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-   -   What's in a name? - Paint Care Products (

Todd@Autopia 05-15-2012 02:09 PM

What's in a name? - Paint Care Products
What's in a Name? Paint Care Products

There is a lot of confusion in the car care industry about certain names of products and their meanings. This is because there is no Standardization of Terms, so names can be used for marketing purposes that can confuse the end consumer.

In this article we will look at some commonly used names and acronyms that deal with paint care, including polishes, glazes, and LSP's.

LSP- The acronym LSP has evolved to mean “Last Step Product” which covers the last applied protective product (wax, paint sealant, or paint coating). The acronym LSP was originally coined by Mike Phillip's to mean “Last Step Process”. This broader term could include using a glaze (in a body shop), a quick detailer, or even washing the car. The very last step done before the detail was complete, regardless of actual process or product used.

(Car )Wax- Car Wax was originally a generic term used to describe products applied to to the paint for protection and shine. Car Waxes, originally, consisted of different forums of natural occurring waxes, (primarily bees wax and carnauba wax), oils, solvents, and resins. As synthetic car wax technology evolved (later becoming known as sealants) the term wax began to be applied to products that contained mostly natural ingredients. The primary ingredient in waxes today is mostly premium grade carnauba.
Examples of car waxes: P21s Concours Look Carnauba Wax, Pinnacle Souveran, Dodo Juice SuperNatural
Examples of products that are not true waxes using the wax name: Meguiar's NXT Tech-Wax, Prima Banana Armor Wax

(Paint) Sealants- Paint Sealants are protective paint products that perform a similar function to car wax but use primarily synthetic ingredients. Originally many paint sealants used the name wax in order to avoid confusing the consumer, although the term paint sealant was later used to separate these synthetic products for their natural ingredient cousins. Some paint sealants do have a small blend of wax (usually montan wax or carnauba wax) but the primary ingredient is usually resins or polymers. I am not aware of any product that uses this term in a different manner than above.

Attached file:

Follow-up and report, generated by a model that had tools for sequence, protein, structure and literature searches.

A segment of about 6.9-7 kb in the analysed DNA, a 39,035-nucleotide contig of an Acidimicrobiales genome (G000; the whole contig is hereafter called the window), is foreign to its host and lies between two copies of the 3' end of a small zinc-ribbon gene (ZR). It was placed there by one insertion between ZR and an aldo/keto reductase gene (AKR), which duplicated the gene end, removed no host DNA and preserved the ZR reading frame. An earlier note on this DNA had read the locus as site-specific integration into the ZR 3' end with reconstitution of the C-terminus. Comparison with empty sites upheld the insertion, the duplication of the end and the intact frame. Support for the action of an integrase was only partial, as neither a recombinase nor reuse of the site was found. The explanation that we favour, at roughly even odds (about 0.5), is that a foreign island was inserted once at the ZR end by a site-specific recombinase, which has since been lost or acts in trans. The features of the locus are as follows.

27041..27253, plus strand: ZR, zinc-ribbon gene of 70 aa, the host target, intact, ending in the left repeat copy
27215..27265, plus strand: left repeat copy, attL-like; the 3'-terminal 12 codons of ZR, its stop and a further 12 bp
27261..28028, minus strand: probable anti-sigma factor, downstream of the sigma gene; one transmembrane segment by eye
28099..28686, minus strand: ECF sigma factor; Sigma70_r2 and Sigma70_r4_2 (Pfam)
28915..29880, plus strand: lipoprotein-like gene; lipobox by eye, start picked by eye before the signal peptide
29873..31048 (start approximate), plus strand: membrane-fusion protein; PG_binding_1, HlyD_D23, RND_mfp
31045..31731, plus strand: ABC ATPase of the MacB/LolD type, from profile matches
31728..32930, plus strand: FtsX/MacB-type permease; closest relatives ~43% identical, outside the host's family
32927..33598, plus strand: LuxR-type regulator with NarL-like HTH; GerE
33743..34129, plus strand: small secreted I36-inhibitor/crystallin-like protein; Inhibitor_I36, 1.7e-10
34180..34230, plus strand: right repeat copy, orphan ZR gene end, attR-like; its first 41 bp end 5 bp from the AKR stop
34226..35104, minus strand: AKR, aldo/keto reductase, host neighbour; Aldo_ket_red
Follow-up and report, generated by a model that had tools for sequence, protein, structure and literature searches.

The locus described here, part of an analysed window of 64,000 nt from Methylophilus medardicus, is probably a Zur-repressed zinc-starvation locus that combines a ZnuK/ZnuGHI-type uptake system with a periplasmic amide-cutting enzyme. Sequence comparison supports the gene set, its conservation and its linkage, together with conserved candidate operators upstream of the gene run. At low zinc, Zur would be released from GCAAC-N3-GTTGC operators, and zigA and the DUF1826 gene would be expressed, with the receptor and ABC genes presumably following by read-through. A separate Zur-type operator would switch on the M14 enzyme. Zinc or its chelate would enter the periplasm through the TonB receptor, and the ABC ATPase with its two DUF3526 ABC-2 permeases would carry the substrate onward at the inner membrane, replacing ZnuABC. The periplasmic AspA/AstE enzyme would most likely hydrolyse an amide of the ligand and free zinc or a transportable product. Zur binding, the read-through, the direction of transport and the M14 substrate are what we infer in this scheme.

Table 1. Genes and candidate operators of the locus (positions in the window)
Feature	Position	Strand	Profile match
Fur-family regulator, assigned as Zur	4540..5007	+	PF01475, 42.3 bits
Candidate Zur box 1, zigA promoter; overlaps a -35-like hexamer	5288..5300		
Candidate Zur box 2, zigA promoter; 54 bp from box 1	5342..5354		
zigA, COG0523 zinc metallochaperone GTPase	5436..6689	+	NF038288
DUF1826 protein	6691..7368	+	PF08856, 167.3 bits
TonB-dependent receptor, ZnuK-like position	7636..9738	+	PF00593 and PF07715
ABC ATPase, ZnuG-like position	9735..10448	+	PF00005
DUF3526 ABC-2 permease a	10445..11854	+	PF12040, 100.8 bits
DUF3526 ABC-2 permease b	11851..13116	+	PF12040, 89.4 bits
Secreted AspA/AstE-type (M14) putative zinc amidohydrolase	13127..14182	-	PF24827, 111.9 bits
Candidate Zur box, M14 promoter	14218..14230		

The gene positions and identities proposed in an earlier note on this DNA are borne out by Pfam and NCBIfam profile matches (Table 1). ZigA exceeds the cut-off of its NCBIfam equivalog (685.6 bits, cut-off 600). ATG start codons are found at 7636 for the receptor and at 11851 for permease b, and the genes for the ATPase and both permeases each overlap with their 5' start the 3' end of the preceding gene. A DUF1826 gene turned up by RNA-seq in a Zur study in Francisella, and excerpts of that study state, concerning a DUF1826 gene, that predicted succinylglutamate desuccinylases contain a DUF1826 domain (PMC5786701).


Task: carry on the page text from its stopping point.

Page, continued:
Examples of synthetic paint sealants: BLACKFIRE Wet Diamond All Finish Paint Protection, Optimum Opti-Seal, Ultima Paint Guard Plus, Wolfgang Deep Gloss 3.0

Polish- The term polish conjures up high-gloss, perfectly clean finishes that reflect light and is used in everything from furniture car to toothpaste. The most commonly accepted definition of the term polish, as it relates to the car care industry, is a product that is abrasive in nature and creates a smoother surface. Many polishes are applied by machine to achieve their desired results. However the term polish has been loosely applied and can applied to glazes, waxes, and sealants as well.
Examples of paint polishes: BLACKFIRE SCR Finishing Polish, Menzerna SI1500, Meguiar's Ultimate Polish
Examples of car sealants using the term polish: Duragloss Total Performance Polish, Zaino Z2 Show Car Polish
Examples of non-abrasive cleaners and glazes using the term polish: BLACKFIRE Gloss Enhancing Polish, Wolfgang Paint Polish Enhancer

Compound- A compound is an aggressive polish designed to remove serious paint defects, usually applied by machine. This term is a common term and I am unaware of any product using it in another fashion
Examples of Compounds: 3M Extra Cut Compound, BLACKFIRE SRC Compound, Menzerna PG1000

Glaze- The term glaze is one of the most widely used and least defined in the car care industry. This is because the term split into several different meanings, almost immediately after it gained popularity. In the old days (circa 1930's and 1940's) Glazes were essentially waxes with out the wax. They contained the oils and solvents, but did not have any wax for fear for sealing in fresh paint and preventing the old lacquers from curing.

A lot of body shops used to mix glazes with abrasives, corn-starch being a popular one, in order to clean the paint or remove blemishes. Also the old lacquer paints were quite porous and would fade. Adding the oils from the glaze to the paint would seem to revitalize the paint (because the paint would literally drink the oil). Prior, glazes were used as a wax with out wax, but now they became known for their ability to make paint wetter.